27. if i’d listened to all that good advice, i’d never have fucked a guy named Danny.

  28. “When someone shows you who they are, believe them,” and “Don’t let the bastards keep you down.”

    These, from my grandmother, who received advice more like, “You made your bed, you lay in it.” We’ve come a long way baby.

  29. The difference between what they say and what they do—that’s the who you are always dealing with. Yourself included.

  30. My grandfather was a lever man for a dredging company for forty years, they dredged the harbors up and down the coast of California, constant work, and he told me several times when I was a teenager that you can push a barge with your finger once you get it moving. The hard part is to get it moving. He’s been dead for twenty five years but I still see that old busted-up finger moving across the kitchen counter.

  31. It was: “Always finish your sentences when you’re talking.” Early on in the workplace, I had this little habit of letting my thoughts drift off in conversation, and during a job review, my boss pointed it out and said it made me sound like I lacked conviction in my ideas. I am still grateful to him for saying it. No question the best advice I ever got.

  32. Stop interrupting and listen.

  33. Life is a crapshoot. Your own life is 99 percent determined by nurture, nature and random events. You have free will, but only for the next ten minutes or so. Beyond that, the dice have it.

  34. When I was 19, in the midst of helping my mother with the dishes, she turned to me and said, “Don’t get married. Just have affairs.”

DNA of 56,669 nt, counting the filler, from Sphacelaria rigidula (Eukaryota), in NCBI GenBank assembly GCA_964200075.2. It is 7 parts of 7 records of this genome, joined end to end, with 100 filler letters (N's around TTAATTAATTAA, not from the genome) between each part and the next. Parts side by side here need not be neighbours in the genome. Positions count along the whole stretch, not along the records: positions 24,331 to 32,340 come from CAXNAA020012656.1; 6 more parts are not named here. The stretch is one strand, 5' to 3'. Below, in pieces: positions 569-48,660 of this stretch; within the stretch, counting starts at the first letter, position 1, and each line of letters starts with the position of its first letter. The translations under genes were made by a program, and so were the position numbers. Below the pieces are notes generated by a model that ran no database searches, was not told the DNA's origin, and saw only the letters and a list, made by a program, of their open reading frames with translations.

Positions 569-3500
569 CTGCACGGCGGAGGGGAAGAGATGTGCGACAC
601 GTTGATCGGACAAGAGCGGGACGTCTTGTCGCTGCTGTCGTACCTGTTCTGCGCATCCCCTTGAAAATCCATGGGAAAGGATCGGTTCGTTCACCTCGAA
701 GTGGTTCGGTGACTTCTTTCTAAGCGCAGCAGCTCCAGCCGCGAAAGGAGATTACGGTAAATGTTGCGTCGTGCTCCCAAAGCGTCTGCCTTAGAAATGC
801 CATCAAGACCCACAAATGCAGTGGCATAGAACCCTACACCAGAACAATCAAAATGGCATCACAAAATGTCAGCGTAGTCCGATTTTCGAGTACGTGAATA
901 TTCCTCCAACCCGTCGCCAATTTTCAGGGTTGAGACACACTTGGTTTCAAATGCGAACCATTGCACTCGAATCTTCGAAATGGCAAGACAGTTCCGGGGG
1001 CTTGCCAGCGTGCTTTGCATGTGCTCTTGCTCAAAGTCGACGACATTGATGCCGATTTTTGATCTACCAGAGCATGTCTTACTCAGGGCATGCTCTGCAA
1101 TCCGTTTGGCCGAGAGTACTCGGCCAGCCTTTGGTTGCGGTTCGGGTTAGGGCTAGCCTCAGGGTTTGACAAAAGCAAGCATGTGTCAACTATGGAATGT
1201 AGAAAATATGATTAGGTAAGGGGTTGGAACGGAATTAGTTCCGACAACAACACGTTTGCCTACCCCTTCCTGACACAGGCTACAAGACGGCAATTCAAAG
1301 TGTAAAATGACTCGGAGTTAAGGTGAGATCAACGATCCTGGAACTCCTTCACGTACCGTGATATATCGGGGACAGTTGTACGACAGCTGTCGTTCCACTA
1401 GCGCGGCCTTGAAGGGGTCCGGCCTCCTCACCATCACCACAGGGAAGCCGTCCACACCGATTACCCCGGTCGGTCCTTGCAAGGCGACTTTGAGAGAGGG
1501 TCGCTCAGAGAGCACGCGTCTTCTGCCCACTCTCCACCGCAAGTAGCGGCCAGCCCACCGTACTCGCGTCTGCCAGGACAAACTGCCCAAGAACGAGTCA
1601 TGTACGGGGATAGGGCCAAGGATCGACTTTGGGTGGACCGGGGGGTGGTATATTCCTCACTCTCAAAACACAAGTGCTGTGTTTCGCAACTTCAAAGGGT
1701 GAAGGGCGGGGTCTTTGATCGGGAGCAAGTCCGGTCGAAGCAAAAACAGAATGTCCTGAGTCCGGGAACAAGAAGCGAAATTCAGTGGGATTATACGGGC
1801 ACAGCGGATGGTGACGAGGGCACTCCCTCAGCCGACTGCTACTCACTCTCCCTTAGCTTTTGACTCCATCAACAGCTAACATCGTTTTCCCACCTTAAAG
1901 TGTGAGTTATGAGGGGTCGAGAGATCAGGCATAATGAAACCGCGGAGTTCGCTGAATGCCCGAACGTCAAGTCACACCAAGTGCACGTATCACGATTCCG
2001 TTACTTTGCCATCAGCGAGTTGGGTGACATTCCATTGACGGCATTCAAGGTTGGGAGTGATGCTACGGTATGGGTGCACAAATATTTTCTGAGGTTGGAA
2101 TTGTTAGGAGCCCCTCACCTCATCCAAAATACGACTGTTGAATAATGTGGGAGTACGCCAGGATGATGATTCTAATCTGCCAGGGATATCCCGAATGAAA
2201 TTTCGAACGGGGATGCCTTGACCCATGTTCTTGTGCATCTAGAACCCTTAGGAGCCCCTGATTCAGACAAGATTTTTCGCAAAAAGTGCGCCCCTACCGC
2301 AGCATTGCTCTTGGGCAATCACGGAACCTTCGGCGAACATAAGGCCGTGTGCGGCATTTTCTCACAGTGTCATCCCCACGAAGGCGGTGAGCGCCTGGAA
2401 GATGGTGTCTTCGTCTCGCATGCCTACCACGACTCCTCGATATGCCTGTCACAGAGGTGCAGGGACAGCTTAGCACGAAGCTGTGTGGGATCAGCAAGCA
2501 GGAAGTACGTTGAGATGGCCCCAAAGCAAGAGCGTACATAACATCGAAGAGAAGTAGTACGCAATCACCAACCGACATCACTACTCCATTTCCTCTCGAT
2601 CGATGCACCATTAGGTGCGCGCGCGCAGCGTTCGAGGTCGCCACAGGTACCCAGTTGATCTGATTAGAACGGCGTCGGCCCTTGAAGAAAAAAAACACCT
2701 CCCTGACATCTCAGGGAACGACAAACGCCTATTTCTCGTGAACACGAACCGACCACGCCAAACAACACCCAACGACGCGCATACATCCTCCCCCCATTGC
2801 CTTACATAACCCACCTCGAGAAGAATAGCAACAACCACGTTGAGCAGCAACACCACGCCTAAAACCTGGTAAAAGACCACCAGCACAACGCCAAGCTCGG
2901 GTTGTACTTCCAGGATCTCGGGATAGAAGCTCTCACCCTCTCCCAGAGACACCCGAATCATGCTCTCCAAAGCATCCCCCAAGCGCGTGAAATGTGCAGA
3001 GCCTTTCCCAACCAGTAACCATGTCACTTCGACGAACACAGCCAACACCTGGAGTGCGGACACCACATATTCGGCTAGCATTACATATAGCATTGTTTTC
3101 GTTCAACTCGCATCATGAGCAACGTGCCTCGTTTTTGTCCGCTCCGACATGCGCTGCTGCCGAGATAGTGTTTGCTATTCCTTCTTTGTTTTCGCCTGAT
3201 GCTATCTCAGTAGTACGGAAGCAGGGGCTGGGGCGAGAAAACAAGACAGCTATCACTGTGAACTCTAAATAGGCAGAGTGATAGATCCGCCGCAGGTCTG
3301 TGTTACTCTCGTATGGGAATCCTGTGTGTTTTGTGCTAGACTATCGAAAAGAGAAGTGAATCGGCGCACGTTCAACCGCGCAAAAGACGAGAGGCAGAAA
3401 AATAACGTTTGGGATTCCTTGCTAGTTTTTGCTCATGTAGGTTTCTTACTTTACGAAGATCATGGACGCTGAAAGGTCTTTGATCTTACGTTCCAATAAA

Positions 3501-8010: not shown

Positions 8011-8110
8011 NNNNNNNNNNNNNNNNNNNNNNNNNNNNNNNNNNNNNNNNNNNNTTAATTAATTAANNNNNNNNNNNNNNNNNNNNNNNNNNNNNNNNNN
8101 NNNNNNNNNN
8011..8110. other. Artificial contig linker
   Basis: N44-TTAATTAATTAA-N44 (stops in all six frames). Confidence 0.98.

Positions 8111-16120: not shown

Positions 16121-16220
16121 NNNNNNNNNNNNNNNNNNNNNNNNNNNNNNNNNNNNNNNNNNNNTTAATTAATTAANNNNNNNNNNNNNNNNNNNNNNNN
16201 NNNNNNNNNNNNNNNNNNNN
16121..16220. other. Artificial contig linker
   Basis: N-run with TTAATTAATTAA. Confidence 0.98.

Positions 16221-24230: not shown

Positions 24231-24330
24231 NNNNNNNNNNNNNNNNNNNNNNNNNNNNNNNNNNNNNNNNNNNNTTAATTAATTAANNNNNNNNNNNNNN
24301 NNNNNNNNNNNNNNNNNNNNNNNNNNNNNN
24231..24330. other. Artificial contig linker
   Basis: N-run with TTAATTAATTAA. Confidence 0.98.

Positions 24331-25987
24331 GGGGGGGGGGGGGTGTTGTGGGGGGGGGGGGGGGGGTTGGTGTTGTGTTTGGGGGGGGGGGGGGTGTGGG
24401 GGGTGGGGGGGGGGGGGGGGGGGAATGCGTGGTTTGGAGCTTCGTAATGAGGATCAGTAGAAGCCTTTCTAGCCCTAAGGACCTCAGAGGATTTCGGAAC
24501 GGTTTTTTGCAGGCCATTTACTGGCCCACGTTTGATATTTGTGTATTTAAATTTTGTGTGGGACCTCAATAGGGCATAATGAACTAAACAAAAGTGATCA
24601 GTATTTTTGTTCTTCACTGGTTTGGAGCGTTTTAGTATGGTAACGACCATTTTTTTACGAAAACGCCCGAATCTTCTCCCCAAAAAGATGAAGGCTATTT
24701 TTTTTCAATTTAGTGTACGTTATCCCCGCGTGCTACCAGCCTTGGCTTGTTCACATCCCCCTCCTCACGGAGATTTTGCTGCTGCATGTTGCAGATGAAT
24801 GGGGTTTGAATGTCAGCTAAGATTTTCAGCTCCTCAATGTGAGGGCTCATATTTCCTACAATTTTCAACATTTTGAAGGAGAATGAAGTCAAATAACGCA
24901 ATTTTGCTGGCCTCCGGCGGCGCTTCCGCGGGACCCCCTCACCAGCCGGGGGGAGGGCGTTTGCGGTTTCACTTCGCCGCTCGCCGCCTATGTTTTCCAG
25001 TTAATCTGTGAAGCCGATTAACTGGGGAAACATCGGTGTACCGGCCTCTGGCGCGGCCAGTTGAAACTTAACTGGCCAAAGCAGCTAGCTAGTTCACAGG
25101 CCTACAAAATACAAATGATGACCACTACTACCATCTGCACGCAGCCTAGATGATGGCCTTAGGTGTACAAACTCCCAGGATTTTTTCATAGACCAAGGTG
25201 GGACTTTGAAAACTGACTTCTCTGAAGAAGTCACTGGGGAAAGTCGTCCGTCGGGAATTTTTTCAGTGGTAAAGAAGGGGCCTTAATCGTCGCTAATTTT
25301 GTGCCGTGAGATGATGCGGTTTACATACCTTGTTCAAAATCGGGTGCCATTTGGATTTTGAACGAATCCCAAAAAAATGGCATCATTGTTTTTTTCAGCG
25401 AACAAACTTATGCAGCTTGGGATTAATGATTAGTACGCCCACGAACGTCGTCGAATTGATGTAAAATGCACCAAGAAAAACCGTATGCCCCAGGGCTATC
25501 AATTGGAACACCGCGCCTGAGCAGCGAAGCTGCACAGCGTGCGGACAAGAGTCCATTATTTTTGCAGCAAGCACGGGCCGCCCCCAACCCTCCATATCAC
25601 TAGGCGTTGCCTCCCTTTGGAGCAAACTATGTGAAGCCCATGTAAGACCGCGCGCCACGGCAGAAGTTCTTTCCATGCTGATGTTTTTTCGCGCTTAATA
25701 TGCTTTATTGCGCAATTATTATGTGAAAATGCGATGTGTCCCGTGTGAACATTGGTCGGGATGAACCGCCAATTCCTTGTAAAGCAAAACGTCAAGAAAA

I wish I had listened. (Sometimes.)

  35. LOOK before you leap.

    Avoid Arnolds with big muscles.

    Get your license.

    Watch out for doctors.

  36. Don’t eat the potato salad

  37. I rewrite endlessly, obsessively. One day in the field my husband said, “Forget your perfect offering. There’s a crack in everything. That’s how the light gets in.”
    I said, “What the hell is that? A quote?”
    He told me Leonard Cohen. I typed it up. It’s on my corkboard. It helps.

  38. Use a double album to clean your dope.

  39. From my Dad

    Love God but most of all learn to love yourself.

  40. “This above all: to thine own self be true.” There was a time (15, 16) when I thought I would scream if I ever had to hear my father say that again. But dammit, he drummed it into my little pinhead for most of my life and he was right.

    And now, of course, I’m pissed that he’s not around so I can tell him so.

  41. You can cheat the system as much as you want, but at the end of they day, its just you and you.

  42. Always go to the funeral.

  43. It’s not necessary to believe anyone’s declaration of love, man or woman, ever. Believe your dog. Believe your cat, who will only whisper it. But humans? Trust your gut on that one. Some tell the truth and some lie. And you, the listener, always know, if only you listen to yourself.